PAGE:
Mr. Trump has insisted on more capable devices, although he did agree during the transition to give up his Android phone (the Google operating system is considered more vulnerable than Apple’s). And since becoming president, Mr. Trump has agreed to a slightly cumbersome arrangement of having two official phones: one for Twitter and other apps, and one for calls.

Mr. Trump typically relies on his mobile phones when he does not want a call going through the White House switchboard and logged for senior aides to see, his aides said. Many of those Mr. Trump speaks with most often on one of his cellphones, such as hosts at Fox News, share the president’s political views, or simply enable his sense of grievance about any number of subjects.

Administration officials said Mr. Trump’s longtime paranoia about surveillance — well before coming to the White House he believed his phone conversations were often being recorded — gave them some comfort that he was not disclosing classified information on the calls.

They said they had further confidence he was not spilling secrets because he rarely digs into the details of the intelligence he is shown and is not well versed in the operational specifics of military or covert activities.

In an interview this week with The Wall Street Journal, Mr. Trump quipped about his phones being insecure. When asked what American officials in Turkey had learned about the killing of the journalist Jamal Khashoggi in the Saudi consulate in Istanbul, he replied, “I actually said don’t give it to me on the phone. I don’t want it on the phone. As good as these phones are supposed to be.”

But Mr. Trump is also famously indiscreet. In a May 2017 meeting in the Oval Office with Russian officials, he shared highly sensitive intelligence passed to the United States by Israel. He also told the Russians that James B. Comey, the former F.B.I. director, was “a real nut job” and that firing him had relieved “great pressure.”

Still, Mr. Trump’s lack of tech savvy has alleviated some other security concerns. He does not use email, so the risk of a phishing attack like those used by Russian intelligence to gain access to Democratic Party emails is close to nil. The same goes for texts, which are disabled on his official phones.

His Twitter phone can connect to the internet only over a Wi-Fi connection, and he rarely, if ever, has access to unsecured wireless networks, officials said. But the security of the device ultimately depends on the user, and protecting the president’s phones has sometimes proved difficult.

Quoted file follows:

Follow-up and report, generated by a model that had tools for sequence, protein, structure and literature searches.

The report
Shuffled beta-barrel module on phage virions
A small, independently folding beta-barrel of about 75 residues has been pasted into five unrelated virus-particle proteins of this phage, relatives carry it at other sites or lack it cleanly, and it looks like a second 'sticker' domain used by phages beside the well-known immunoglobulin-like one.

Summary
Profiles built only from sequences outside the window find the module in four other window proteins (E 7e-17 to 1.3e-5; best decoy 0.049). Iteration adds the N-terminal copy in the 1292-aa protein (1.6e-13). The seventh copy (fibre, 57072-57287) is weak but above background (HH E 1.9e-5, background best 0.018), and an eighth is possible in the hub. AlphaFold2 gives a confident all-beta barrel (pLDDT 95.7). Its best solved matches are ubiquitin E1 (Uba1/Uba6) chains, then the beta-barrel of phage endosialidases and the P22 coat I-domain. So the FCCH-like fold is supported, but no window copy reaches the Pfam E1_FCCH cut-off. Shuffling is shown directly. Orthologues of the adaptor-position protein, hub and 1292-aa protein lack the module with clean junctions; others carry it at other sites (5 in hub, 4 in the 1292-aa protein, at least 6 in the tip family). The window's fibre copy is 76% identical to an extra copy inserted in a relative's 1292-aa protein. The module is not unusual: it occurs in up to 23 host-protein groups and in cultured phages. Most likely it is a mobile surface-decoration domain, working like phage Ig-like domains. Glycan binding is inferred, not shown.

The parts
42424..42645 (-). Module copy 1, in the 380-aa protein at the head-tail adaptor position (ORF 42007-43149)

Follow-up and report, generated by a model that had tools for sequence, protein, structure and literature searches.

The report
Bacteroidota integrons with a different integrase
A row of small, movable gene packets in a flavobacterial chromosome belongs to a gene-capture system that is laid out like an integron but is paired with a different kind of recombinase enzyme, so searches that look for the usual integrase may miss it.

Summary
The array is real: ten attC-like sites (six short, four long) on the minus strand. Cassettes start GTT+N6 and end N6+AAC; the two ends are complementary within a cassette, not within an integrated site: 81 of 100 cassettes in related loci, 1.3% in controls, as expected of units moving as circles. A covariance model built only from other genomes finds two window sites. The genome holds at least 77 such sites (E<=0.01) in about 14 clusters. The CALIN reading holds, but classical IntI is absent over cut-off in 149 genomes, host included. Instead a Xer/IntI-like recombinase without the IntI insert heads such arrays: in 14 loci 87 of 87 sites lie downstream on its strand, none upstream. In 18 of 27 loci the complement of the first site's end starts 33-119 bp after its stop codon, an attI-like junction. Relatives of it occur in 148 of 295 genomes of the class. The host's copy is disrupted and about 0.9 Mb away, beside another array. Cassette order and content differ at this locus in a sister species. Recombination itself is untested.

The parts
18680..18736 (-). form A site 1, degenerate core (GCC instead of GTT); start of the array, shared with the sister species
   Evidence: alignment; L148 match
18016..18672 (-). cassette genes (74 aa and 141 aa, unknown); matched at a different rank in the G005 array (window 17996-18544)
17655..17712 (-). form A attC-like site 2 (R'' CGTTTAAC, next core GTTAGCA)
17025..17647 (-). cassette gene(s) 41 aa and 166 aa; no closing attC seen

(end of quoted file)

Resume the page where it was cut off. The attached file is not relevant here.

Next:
Last year, Mr. Trump’s cellphone was left behind in a golf cart at his club in Bedminster, N.J., causing a scramble to locate it, according to two people familiar with what took place.

Mr. Trump is supposed to swap out his two official phones every 30 days for new ones but rarely does, bristling at the inconvenience. White House staff members are supposed to set up the new phones exactly like the old ones, but the new iPhones cannot be restored from backups of his old phones, because doing so would transfer over any malware.

New phone or old, though, the Chinese and the Russians are listening, and learning.

[The New York Times]

Trump Campaign Sends Out Anti-CNN Fundraising Email Shortly After Bomb Scare

Hours after CNN’s New York headquarters were evacuated when an explosive device was found mailed to the building, President Donald Trump‘s campaign sent out a fundraising email blasting the network.

Reporter Yashar Ali tweeted out a screenshot of the fundraising email, signed by Lara Trump, which included a “Media Accountability Survey.”

“It’s time for us to give the media another wake-up call from the American people,” the email says.

The first question of the survey is: “Do you trust the mainstream media to put the interests of Americans first?”

[Mediaite]

Trump Calls Tallahassee ‘One of the Worst & Most Corrupt’ Cities in America

President Donald Trump tweeted out his support for a Republican candidate that also took a swipe at Tallahassee, Florida.

Trump supports Ron DeSantis, the Republican congressman running for governor in Florida against Democrat Andrew Gillum. Gillum is the mayor of Tallahassee, and Trump tweeted a dig at the city this morning:

“His opponent runs one of the worst & most corrupt cities in USA!”

Trump is likely referring to the ongoing FBI investigation into corruption in Tallahassee, which has become the subject of one of DeSantis’ ads. A spokesperson for Gillum responded to DeSantis by saying the Democratic candidate is “not a subject of the FBI investigation.”

[Mediaite]

1 3 4 5 6 7 21